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Unwinding Fanconi Anemia

  August, 24 2005 9:05
your information resource in human molecular genetics
A series of five related papers published in the September issues of Nature Genetics and Nature Structural & Molecular Biology describe two new genes associated with Fanconi anemia, acting in the Fanconi anemia tumor suppressor pathway. Together, these studies provide insight into the mechanism underlying the chromosomal instability that characterizes the disease.

Fanconi anemia is an inherited anemia that predisposes to bone marrow failure and cancer, with many individuals developing acute myelogenous leukemia (AML) at an early age. Fanconi anemia is a rare pediatric disorder, typically diagnosed in children age 2 - 15 years, with varied expected survival ranging from 2 to 25 years.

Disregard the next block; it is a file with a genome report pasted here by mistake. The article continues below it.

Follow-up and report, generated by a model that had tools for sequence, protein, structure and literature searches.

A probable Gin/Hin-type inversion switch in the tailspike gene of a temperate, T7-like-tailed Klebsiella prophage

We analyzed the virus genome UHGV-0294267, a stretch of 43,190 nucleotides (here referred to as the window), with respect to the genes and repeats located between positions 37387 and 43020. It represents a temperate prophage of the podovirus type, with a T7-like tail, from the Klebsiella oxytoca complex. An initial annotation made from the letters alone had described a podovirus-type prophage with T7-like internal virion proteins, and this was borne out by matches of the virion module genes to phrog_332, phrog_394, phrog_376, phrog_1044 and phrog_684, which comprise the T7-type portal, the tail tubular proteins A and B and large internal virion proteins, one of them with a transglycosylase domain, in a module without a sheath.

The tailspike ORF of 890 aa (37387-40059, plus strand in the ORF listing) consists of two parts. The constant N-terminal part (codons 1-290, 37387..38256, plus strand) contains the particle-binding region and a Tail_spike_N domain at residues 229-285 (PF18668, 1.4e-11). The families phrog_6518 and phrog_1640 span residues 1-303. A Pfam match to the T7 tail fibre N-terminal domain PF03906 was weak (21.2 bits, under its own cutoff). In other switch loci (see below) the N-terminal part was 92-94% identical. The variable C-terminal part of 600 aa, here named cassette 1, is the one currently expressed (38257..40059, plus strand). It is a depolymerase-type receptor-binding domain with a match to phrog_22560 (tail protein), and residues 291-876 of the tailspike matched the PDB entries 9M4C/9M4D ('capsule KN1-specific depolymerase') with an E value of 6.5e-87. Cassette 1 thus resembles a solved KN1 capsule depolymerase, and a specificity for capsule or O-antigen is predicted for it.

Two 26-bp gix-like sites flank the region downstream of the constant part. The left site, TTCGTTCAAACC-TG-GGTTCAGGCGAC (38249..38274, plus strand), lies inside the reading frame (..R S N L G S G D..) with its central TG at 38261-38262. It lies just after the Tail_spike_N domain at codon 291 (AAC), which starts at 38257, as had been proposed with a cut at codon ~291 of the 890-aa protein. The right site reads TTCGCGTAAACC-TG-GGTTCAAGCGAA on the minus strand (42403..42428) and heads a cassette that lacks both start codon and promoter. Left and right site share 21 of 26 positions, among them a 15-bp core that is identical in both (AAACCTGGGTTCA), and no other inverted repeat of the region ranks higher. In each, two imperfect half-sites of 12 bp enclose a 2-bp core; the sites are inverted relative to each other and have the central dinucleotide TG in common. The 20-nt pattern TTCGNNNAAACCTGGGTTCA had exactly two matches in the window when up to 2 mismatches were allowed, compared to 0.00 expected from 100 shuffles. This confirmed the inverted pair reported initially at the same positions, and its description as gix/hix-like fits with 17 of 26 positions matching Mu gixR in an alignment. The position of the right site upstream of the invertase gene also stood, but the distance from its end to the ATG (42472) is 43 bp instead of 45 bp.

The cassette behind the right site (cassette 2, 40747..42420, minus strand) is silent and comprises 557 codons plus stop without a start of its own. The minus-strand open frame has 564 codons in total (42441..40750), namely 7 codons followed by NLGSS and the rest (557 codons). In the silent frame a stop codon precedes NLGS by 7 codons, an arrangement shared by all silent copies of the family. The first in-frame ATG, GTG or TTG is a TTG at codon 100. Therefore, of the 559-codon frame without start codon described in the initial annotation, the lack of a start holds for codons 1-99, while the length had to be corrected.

Cells from individuals with Fanconi anemia have been characterized as highly sensitive to chromosomal breakage, suggesting that there may be a deficiency in repairing damaged DNA. The two new genes implicated in the Fanconi anemia pathway encode proteins that interact directly with DNA and are involved in DNA unwinding. This provides clues into the mechanism by which the complex of related Fanconi anemia genes recognize and processes damaged DNA.

Author contacts:

Arleen D. Auerbach (The Rockefeller University, New York, NY, USA)
E-mail: auerbac@rockefeller.edu
Abstract available online.

Hans Joenje (VU University Medical Center, Amsterdam, The Netherlands)
E-mail: h.joenje@vumc.nl
Abstract available online.

Weidong Wang (National Institute of Aging, Baltimore, MD, USA)
E-mail: wangw@grc.nia.nih.gov
Abstract available online.

Dr. Kevin Hiom (MRC Laboratory of Molecular Biology, Cambridge, UK)
E-mail: hiom@mrc-lmb.cam.ac.uk
Abstract available online.

Katen Patel (MRC Laboratory of Molecular Biology, Cambridge, UK)
E-mail: kjp@mrc-lmb.cam.ac.uk
Abstract available online.

Additional contact for comment on this research:

Larry H. Thompson (Lawrence Livermore National Laboratory, Livermore, CA, USA)
E-mail: thompson14@llnl.gov

(C) Nature press release.

Message posted by: Trevor M. D'Souza

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